China Daily: “Chinese tourists have overtaken Germans as the world’s biggest-spending travellers after a decade of robust growth in the number of Chinese holidaying abroad, the United Nations World Tourism Organisation (UNWTO) said on Thursday.
Chinese tourists, known for travelling in organised tours and snapping up luxury fashion abroad, spent $102 billion on foreign trips last year, outstripping deep-pocketed travellers from Germany and the United States.
Chinese tourists spent 41 percent more on foreign travel in 2012 than the year before, beating the close to $84 billion both German and U.S. travellers parted with last year.
Tourists from other fast-growing economies with swelling middle classes, like Russia and Brazil, also increased spending in 2012. In recession-hit Europe, however, French and Italian tourists reined in their holiday budgets.
“The impressive growth of tourism expenditure from China and Russia reflects the entry into the tourism market of a growing middle class from these countries,” said UNWTO Secretary-General Taleb Rifai.”
Foreign Policy: “It’s over for America,” a Chinese academic told me in late 2008, two days after Goldman Sachs turned itself into a commercial bank in order to fend off possible collapse. “From here on, it’s all downhill.” Sitting in Beijing as American capitalism seemed to be hanging by a thread, it was easy to believe that one era was ending and another beginning.
The past half-decade should have been the glory years for the spread of Chinese influence around the world. After China’s ravishing 2008 Beijing Summer Olympics, and its startling recovery from the financial crisis, it had a platform to push for a bigger voice in international affairs. At a time when the United States has been navel-gazing on its own deficiencies and beset by dysfunction and infighting in Congress, China has quickly become the main trading partner for a long list of countries, not just in Asia, which should give it all sorts of sway. And at the very least, many Chinese assume, the country should start to resume its role as the natural leader in Asia.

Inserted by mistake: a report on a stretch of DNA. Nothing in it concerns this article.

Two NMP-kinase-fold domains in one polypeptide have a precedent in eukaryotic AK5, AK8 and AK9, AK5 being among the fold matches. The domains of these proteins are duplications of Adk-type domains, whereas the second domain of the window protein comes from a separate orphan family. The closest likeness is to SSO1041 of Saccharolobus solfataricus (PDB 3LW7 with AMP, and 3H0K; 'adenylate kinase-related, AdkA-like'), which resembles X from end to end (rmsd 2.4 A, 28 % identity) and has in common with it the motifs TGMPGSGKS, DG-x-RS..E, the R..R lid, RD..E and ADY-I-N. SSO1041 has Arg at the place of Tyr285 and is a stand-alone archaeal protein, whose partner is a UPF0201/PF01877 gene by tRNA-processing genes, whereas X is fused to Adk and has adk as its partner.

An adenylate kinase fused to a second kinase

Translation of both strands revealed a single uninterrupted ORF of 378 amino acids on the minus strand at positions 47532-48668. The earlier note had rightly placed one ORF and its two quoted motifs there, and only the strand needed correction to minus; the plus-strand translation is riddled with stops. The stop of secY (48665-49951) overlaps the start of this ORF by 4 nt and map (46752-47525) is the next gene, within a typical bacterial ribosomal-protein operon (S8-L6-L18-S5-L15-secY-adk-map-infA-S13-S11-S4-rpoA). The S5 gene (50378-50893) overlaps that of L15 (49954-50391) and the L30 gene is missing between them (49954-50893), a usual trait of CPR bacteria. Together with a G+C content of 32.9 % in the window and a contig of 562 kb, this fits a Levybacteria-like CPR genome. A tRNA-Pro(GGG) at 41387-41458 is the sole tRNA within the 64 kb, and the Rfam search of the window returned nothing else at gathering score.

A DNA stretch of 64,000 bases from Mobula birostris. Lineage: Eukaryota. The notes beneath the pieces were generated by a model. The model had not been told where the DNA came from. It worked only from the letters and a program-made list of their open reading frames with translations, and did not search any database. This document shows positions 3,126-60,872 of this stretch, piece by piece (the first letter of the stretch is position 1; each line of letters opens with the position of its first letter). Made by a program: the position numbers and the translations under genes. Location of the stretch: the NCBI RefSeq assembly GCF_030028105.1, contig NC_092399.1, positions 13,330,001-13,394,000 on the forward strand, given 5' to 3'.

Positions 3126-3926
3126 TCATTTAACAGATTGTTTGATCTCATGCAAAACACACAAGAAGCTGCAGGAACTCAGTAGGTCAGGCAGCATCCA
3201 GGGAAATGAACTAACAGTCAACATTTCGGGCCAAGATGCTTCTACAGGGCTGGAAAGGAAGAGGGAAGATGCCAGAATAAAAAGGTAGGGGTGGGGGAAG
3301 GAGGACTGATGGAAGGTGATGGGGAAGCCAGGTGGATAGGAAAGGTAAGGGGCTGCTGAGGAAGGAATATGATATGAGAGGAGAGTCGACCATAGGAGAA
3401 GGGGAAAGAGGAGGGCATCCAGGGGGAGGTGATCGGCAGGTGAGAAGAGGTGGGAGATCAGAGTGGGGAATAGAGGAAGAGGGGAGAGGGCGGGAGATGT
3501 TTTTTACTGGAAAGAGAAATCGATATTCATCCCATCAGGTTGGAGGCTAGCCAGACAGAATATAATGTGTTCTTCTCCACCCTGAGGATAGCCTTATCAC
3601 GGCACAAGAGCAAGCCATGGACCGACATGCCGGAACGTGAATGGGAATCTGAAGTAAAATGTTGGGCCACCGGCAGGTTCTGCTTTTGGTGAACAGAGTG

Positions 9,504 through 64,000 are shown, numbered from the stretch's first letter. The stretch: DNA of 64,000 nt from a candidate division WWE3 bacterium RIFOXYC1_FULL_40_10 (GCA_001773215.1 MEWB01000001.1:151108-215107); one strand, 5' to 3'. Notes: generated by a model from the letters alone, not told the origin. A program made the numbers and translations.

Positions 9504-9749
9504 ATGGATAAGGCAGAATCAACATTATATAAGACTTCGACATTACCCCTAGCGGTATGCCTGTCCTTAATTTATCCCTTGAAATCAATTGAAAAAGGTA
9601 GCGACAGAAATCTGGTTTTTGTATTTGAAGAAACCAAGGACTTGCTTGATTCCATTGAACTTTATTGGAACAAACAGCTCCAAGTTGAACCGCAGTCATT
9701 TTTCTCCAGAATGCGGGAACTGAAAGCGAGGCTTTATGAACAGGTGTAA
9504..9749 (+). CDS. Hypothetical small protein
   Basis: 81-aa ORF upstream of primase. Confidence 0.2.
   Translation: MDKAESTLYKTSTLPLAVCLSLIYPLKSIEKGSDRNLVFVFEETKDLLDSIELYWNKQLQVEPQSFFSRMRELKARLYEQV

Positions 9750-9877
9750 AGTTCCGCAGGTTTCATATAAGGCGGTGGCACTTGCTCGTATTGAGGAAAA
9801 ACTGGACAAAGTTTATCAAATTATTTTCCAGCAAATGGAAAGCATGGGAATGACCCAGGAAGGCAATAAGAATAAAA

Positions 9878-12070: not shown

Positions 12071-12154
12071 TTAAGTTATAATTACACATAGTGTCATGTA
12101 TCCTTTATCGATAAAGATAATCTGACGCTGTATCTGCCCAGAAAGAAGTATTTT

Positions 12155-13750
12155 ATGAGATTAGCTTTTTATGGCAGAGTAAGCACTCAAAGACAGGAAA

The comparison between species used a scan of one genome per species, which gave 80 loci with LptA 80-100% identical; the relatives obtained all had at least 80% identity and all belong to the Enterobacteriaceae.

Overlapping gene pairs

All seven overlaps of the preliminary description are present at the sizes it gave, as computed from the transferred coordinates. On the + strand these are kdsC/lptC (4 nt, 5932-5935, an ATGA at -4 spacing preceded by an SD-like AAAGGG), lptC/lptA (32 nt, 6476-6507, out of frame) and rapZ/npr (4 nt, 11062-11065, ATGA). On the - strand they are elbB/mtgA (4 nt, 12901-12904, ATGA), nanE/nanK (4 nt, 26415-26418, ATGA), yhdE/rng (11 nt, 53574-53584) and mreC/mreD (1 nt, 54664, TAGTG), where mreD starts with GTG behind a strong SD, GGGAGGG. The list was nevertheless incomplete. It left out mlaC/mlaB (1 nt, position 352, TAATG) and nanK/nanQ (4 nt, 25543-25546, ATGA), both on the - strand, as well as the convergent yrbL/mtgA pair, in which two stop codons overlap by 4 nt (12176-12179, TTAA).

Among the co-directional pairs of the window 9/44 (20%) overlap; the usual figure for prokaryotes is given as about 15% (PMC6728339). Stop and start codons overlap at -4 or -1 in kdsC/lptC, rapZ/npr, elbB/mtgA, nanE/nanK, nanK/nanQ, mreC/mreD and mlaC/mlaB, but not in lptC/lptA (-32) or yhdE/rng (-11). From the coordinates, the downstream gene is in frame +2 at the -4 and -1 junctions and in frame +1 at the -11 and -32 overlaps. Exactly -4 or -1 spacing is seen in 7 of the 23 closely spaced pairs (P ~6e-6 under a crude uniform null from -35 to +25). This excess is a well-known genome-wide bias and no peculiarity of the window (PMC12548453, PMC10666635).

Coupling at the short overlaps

Yet the years since the crisis have demonstrated something very different. Rather than usher in a new era of Chinese influence, Beijing’s missteps have shown why it is unlikely to become the world’s leading power. Even if it overtakes the United States to have the biggest economy in the world, which many economists believe could happen over the next decade, China will not dislodge Washington from its central position in global affairs for decades to come.
China is certainly not lacking in ambition, even if many of its final goals are not clearly articulated. It is implementing plans which challenge U.S. military, economic, and even political supremacy. But on each front, the last few years have demonstrated China’s limitations, not the inevitability of its rise.
China’s effort to gradually squeeze the U.S. Navy out of the Western Pacific did not start with the financial crisis in 2008. The financial crisis did, however, coincide with a new aggressiveness in the way China has pushed its territorial claims in the South China Sea and the East China Sea. Beijing has scored at least one victory, securing control of the Scarborough Shoal, a group of small islands in the South China Sea, from the Philippines in 2012.
But among these tactical successes, China has been sowing the seeds of a strategic defeat. China’s assertiveness is generating intense suspicion, if not outright enmity, among its neighbors. Its “peaceful rise” is not taking place in isolation. There may be echoes in today’s Asia of the late-nineteenth century in Europe and North America, but this is the one critical difference. The United States came into its own as a great power without any major challenge from its neighbors, while Germany’s ascent was aided by the collapsing Austro-Hungarian and Ottoman empires and Russian monarchy on its frontiers. China, on the other hand, is surrounded by vibrant countries with fast-growing economies, from South Korea to India to Vietnam, who all believe that this is their time, as well. Even Japan, after two decades of stagnation, still has one of the most formidable navies in the world, as well as the world’s third largest economy. China’s strategic misfortune is to be bordered by robust and proud nation-states which expect their own stake in the modern world.
The last few years have shown that these countries have no desire to return to a Sinocentric Asia, as existed before the arrival of Western powers in the late-fifteenth century, and one where China is the undisputed leader. All the talk about the Obama administration’s “pivot” to Asia has obscured the much bigger shift that has taken place in the region since the crisis — almost all of China’s neighbors are now deeply anxious about what a powerful, expansionist leadership in Beijing portends for their future. They still want to trade with China, but they also want protection from Beijing’s bullying.”
- China using Senkakus dispute to test Japan, U.S. (japantimes.co.jp)
- China: New leaders, same assertive foreign policy – CNN International (edition.cnn.com)
- Vietnam accuses China over sea clash (bbc.co.uk)